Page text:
Rest break rules for interstate CMV drivers went into effect July 1, 2013
Wage and Hour
The July 1, 2013, deadline has passed for commercial motor vehicle (CMV) drivers who drive in interstate commerce to begin taking mandatory rest breaks of at least 30 minutes after 8 hours of duty, if they want to drive later in the shift.
The July 1, 2013, deadline has passed for commercial motor vehicle (CMV) drivers who drive in interstate commerce to begin taking mandatory rest breaks of at least 30 minutes after 8 hours of duty, if they want to drive later in the shift. The drivers must be completely off duty during this rest time, with a limited exception for drivers who are required by federal rules to remain in attendance on CMVs containing explosives. The 30 minutes count toward the maximum 14-hour window of permitted on-duty time for drivers. Covered CMVs include those that are rated at 10,001 pounds or more; are designed or used to carry more than 8 passengers (including the driver) for compensation; are designed or used to carry more than 15 passengers (including the driver) without compensation; or are used in transporting hazardous material requiring a placard. The rest breaks have been optional for drivers and employers since February 27, 2012, but they became mandatory as of July 1, 2013.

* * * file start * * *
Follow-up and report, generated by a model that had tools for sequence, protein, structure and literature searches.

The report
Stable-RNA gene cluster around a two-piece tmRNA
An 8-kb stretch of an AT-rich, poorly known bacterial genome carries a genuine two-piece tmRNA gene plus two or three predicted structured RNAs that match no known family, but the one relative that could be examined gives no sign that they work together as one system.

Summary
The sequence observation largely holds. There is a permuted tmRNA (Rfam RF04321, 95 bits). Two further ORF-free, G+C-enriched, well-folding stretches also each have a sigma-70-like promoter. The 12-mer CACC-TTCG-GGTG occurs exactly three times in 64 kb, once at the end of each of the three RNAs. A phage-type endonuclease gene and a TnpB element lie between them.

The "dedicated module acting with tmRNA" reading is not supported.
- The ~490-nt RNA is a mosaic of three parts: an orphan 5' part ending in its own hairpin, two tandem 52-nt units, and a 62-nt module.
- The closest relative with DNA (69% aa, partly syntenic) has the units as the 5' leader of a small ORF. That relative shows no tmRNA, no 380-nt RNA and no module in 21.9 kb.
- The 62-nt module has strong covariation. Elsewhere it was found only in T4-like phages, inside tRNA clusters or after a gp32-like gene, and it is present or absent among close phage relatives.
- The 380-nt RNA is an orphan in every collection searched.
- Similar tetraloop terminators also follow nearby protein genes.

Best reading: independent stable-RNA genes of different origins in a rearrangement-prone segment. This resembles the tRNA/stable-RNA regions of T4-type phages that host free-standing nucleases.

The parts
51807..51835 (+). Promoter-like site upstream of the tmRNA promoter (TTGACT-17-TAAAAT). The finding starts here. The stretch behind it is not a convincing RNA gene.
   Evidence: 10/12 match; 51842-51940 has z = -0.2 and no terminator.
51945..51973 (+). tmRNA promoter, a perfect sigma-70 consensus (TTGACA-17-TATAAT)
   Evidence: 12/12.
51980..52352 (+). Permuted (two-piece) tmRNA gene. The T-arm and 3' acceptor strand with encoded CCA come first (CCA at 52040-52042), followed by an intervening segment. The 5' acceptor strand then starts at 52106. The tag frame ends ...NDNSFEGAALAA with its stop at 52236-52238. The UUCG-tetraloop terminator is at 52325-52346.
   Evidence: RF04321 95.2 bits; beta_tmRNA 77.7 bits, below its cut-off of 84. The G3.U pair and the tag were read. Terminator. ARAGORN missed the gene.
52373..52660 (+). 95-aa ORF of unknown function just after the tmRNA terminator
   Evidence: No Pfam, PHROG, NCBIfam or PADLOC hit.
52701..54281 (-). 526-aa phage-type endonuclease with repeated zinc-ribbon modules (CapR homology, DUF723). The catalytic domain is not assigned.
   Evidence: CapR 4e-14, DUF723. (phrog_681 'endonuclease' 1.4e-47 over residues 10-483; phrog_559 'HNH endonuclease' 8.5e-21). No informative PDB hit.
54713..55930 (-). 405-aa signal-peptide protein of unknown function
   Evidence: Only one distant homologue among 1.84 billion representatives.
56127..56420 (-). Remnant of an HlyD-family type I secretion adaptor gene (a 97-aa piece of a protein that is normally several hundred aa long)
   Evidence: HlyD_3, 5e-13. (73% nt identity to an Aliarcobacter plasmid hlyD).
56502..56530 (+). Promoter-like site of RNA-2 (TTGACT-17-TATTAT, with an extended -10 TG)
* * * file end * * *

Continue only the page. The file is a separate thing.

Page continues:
Another change which became mandatory as of July 1, 2013, is a limitation on the ability to restart the maximum weekly driving hours for CMV drivers operating in interstate commerce. The Federal Motor Carrier Safety Administration (FMCSA) allows these drivers to work a maximum of 60 or 70 hours per week (depending on whether the motor carrier operates 7 days a week). By taking 34 consecutive hours off, the driver may restart that weekly calculation. Under the new rule, a driver can only use this 34-hour restart option once per week (168 hours) and the 34 hours must include two periods from 1:00 to 5:00 a.m. (76 Fed Reg 81134, Dec. 27, 2011).
Tips: The mandatory rest breaks have a significant impact on drivers’ schedules. As an employer, in addition to educating your drivers about the new rules, you should inform dispatchers and other affected staff members who may need to map out safe places where drivers can pull over for these breaks. You may also need to coordinate with customers if you expect that the 30-minute rest break will need to take place while the driver is on the customer’s property. For example, will the customer permit the vehicle to be unattended by your driver for 30 minutes? Is there a restroom and break area available to the driver? If the vehicle is parked, it’s okay for the driver to spend the rest break in the vehicle as long as no duties are performed.
A helpful Q&A and additional information is available on the FMCSA website. For more information about your employment-related obligations as a motor carrier, see our Legal Guide, “Motor Carrier Safety Requirements” (3146) or contact us to learn more about membership with Vigilant for ongoing help and legal counsel with employment issues.